Section 7: News and Journalism
- Time to fix our TV debates
- What was all that about, then? The media agenda in the 2019 General Election
- Pluralism or partisanship? Calibrating punditry on BBC2’s Politics Live
- Hero and villain: the media’s role in identity management
- Traditional majoritarian conceptions of UK politics pose a dilemma for the media in elections
- #GE2019: A tale of two elections?
- Press distortion of public opinion polling: what can, or should, be done?
- The final verdict: patterns of press partisanship
- The class war election
- An uncertain future for alternative online media?
Despite more women party leaders contesting general elections in recent years, campaign strategists and journalists alike seem to repeatedly replicate the same-old tropes about leadership expectations. Throughout the campaign gendered notions of political leadership still abound, and in some quarters appear to be accelerating. This was neatly illustrated by the copious examples of politicians such as Boris Johnson, Nigel Farage, and Jo Swinson posing in boxing rings during the early weeks of the campaign. Here I will consider the gendered nature of campaign, focusing on portrayals of Jo Swinson and Boris Johnson.
During the 2017 campaign, I argued that Theresa May’s highly personalised campaign centred around her own competence and leadership was extremely risky for a female leader. Academic research has shown that personalised campaigns are fraught with the risk of reinforcing stereotypical assumptions about the incompatibility between traditional femininity and conventional ideals of political leadership. Political leadership is often associated with traditionally masculine traits and behaviours such as combativeness, strength and assertiveness, and furthermore my own work has shown that media coverage is crucial in reinforcing these ideas. The disappointing election campaign for May’s Conservative Party should perhaps have served as a warning to any subsequent female party leader. Nevertheless, the Liberal Democrats in 2019 seemed content to emphasise Jo Swinson’s leadership at every opportunity, even branding the party as Jo Swinson’s Liberal Democrats on their campaign bus. This decision seemed particularly ill-advised given that her own parliamentary seat was very precarious, an irony not lost in the commentary on Twitter.
An illustration of these risks came when Swinson was asked on ITV if she would consider using nuclear weapons. Her one-word reply was interpreted as far too enthusiastic by many, and she was openly criticised by SNP leader Nicola Sturgeon for answering the question so lightly. Sturgeon’s remarks show the inherent risk in embracing the temptation to engage in traditionally masculine politicking. She claimed that “it is sickening to hear this question asked and answered as if it’s some kind of virility test and without any context”. The use of the word ‘virility’ in this context shows Sturgeon’s disapproval of unthinking masculinised rhetoric, but also serves to undermine Swinson’s efforts to present herself as a strong leader by drawing attention to the fact that as a woman she cannot be considered ‘virile’. Crucially, Sturgeon’s response is also critical of the willingness of news media to portray politics in simplistic and uncomplicated ways.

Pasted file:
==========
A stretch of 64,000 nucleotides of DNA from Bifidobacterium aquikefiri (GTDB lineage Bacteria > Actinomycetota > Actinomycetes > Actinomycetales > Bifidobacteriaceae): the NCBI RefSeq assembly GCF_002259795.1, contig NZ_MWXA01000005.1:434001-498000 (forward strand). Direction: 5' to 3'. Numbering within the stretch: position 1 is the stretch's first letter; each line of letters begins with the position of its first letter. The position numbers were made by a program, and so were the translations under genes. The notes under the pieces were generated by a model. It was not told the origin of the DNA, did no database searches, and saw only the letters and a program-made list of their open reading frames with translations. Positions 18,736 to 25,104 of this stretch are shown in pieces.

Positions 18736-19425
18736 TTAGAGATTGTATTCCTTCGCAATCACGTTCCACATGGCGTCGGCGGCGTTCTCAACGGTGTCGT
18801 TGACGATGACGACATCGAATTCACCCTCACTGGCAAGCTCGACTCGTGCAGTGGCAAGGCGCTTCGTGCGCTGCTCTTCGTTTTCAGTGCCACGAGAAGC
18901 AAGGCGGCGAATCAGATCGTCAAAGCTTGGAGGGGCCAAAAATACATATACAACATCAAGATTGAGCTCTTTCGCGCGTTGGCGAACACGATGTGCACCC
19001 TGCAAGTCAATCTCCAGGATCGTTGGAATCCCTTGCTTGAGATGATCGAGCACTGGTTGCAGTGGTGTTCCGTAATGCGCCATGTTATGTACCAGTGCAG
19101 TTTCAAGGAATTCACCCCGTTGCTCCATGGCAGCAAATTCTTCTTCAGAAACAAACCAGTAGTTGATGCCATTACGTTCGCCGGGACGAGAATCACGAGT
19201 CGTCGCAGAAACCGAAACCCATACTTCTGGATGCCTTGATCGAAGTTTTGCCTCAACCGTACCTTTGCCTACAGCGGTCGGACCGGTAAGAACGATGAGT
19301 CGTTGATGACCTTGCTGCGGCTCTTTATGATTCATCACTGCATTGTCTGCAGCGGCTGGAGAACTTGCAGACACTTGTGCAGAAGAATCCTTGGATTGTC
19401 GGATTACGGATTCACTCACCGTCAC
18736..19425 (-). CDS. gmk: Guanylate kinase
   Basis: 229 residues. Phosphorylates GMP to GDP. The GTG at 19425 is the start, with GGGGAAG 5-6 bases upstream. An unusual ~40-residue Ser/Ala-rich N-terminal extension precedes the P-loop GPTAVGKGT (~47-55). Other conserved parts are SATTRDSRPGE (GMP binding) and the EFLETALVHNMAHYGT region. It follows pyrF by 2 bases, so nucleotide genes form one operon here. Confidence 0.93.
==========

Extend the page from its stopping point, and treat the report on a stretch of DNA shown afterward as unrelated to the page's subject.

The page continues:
Male leaders, on the other hand, do not necessarily face the same risks. However, that is not to say that gender is irrelevant in their political appeal. Boris Johnson’s leadership style has proved to be combative and at times aggressive. Many accused him of threatening European Union officials over the withdrawal agreement, for example, while he and his staff also intimidated and coerced his own MPs, expelling those who disagree with him politically. This style of leadership has been characterised by some media commentators as highly problematic consequences of ‘toxic masculinity’ in politics whereby political cooperation is seen as a weakness rather than as a necessary aspect of national and international politics. A number of journalists, moreover, showed themselves to be willing accomplices in indulging this aspect of Johnson’s political persona, with some gleefully reporting an anonymous briefing that Johnson would compare the Labour leader’s approach to Brexit to masturbation in a key speech. Central to Johnson’s performance of masculinity is his misogyny. There were numerous occasions throughout his first few months as Prime Minister that illustrate this, ranging from the more subtle, such as the revelation that he described political rival David Cameron as a ‘Girly-swot’ at one end of the spectrum, to the more troubling, such as when police had been called to a ‘domestic disturbance’ at the home of his partner Carrie Symonds.
Johnson’s domestic arrangements are perhaps the riskiest aspect of his gendered political persona, in contrast to other politicians who openly discuss their families. Johnson’s history of extra-marital affairs, and consistent refusals to confirm how many children he has fathered, contributes to his perceived lack of trustworthiness for some. It also reinforces his upper-class background, reflecting old-fashioned embarrassment about fathering ‘illegitimate’ children. The resurfacing of disparaging remarks about single mothers from his days writing for The Spectator moreover emphasises the double-standards that he embodies. Coupled with the Jennifer Arcuri scandal, all these factors could have undermined his relationship with potential voters presenting him as out-of-touch and dishonest. Predictably, though Johnson could rely on his most enthusiastic media commentators to dismiss the suggestion that his private life detracts from his suitability to lead. The 2019 campaign reminds us once again that gendered politics is integral to campaigns, and their reporting, which candidates ignore at their own peril.